It might seem as though similarities across applications would be a time-saver, but grantseekers can’t just create a single text document with the answers to all of these similar questions and cut and paste into the different application forms, because foundations use different application systems, which in turn use different formats. “So every time [grantseekers] apply, they still have to answer that 39% in a new way, in a new field and in a new form, every single time,” Forster said.

Next steps, and what’s left to learn

Forster told IP that TAG has reached the limit of what it can do with the data on its own; the initial $60,000 in contractor and staff time that unearthed the data’s preliminary results came entirely from TAG’s pocket. But, Forster said, even those preliminary results suggest a few potential solutions.

One step, she said, would be for grantmakers to collaborate on not just increasing the similarity of their applications’ questions, but to ask those questions in exactly the same way. Next, she suggested that the industry explore the possibility of increasing the percentage of identical questions in grant applications.

“We are 39% similar without even trying as a sector,” Forster said. “What would it look like if we did try” to duplicate as many as 50 to 60% of the questions?

Then, she said, the industry could conceivably create a secure, central depository for that standard information—the racial makeup of nonprofits’ boards, for example, or their tax ID numbers—which would then auto-populate into grantmakers’ online application forms so nonprofits aren’t forced to duplicate their efforts.

Think about shopping online, using forms that populate your email address or other information in the relevant fields while you’re checking out. The system Forster proposes would have a similar function, but the data would be housed by a trusted third party or collective and would only be accessible with the explicit consent of grantseekers filling out an application.

Forster estimated the creation of such a system would cost from $1 million to $2 million—which may sound pricey, but is not even a fraction of a drop in the bucket for the philanthrosphere as a whole.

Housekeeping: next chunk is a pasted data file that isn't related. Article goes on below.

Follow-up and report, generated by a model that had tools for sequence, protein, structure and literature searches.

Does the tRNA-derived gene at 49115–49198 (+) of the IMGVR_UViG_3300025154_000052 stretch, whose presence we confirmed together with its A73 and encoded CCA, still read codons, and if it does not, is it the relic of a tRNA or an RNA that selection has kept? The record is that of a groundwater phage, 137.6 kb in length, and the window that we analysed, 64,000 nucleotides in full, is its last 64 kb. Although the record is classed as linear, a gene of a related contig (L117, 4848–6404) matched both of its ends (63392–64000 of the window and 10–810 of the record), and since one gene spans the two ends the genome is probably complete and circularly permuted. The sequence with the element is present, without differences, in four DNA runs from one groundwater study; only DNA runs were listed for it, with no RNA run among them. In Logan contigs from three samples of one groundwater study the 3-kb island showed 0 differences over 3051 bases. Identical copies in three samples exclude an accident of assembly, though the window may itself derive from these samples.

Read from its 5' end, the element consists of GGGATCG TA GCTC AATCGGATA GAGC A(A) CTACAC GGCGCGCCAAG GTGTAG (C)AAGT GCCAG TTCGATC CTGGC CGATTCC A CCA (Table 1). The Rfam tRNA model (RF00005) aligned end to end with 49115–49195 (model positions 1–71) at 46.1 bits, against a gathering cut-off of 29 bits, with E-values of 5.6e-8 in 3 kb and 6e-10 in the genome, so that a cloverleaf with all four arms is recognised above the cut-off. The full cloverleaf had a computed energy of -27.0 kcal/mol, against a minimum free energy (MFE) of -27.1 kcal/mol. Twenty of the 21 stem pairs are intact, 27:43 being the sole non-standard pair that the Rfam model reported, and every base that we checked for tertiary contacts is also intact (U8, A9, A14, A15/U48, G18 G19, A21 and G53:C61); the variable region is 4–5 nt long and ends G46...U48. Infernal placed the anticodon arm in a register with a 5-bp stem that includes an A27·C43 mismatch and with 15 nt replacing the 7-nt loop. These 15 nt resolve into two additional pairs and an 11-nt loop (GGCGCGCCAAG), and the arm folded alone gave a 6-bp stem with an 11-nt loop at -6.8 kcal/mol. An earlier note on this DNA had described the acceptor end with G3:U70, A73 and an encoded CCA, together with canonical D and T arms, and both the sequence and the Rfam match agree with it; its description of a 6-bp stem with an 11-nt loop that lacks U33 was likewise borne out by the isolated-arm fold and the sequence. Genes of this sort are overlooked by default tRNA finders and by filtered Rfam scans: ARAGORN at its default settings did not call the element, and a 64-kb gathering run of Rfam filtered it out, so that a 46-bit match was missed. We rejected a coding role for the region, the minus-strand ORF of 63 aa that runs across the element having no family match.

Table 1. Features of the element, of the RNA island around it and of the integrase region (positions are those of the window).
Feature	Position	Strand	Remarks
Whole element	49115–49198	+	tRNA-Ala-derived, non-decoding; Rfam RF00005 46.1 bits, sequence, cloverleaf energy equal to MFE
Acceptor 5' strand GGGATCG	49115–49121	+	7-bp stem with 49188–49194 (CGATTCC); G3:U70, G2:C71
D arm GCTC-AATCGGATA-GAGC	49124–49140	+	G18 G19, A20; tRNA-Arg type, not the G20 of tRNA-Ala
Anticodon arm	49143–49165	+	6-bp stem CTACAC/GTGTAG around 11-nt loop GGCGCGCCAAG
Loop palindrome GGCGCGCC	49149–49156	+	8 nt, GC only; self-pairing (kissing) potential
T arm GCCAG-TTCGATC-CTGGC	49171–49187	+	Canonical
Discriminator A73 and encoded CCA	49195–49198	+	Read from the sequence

Another option would be for funders to collectively create a single, shared application (at least for their similar questions), though Forster said that this would be a much harder sell.

The data from those 100+ grant applications could also reveal additional information for researchers with the time and money to find it. For example, the #100FormsIn100Days campaign asked for basic demographic data, which leads to the question of whether or not funders in some countries are doing a better job of creating less of a burden for grantseekers.

Forster said she has received a lot of interest in tackling these issues, and in further research, since TAG’s August webinar unveiling the initial results. But, she said, her organization has already done what it can with the resources it has available.

Good news on the funding front is on the horizon, however. TAG is in discussion with two national foundations to fund the next phase of the work. Further progress, though, is contingent on funders coming forward with the means to make it happen.

One such arena for progress may involve eliminating some of grantmakers’ unique questions altogether. While she isn’t yet able to cite specifics out of concern for violating the confidentiality of participating foundations, Forster said that the sector as a whole would be “somewhat shocked, somewhat sad, and perhaps even slightly embarrassed to look at some of the questions that we are asking our grantees.”

“I think… there will be some soul searching when we look at the questions that are not similar,” she said.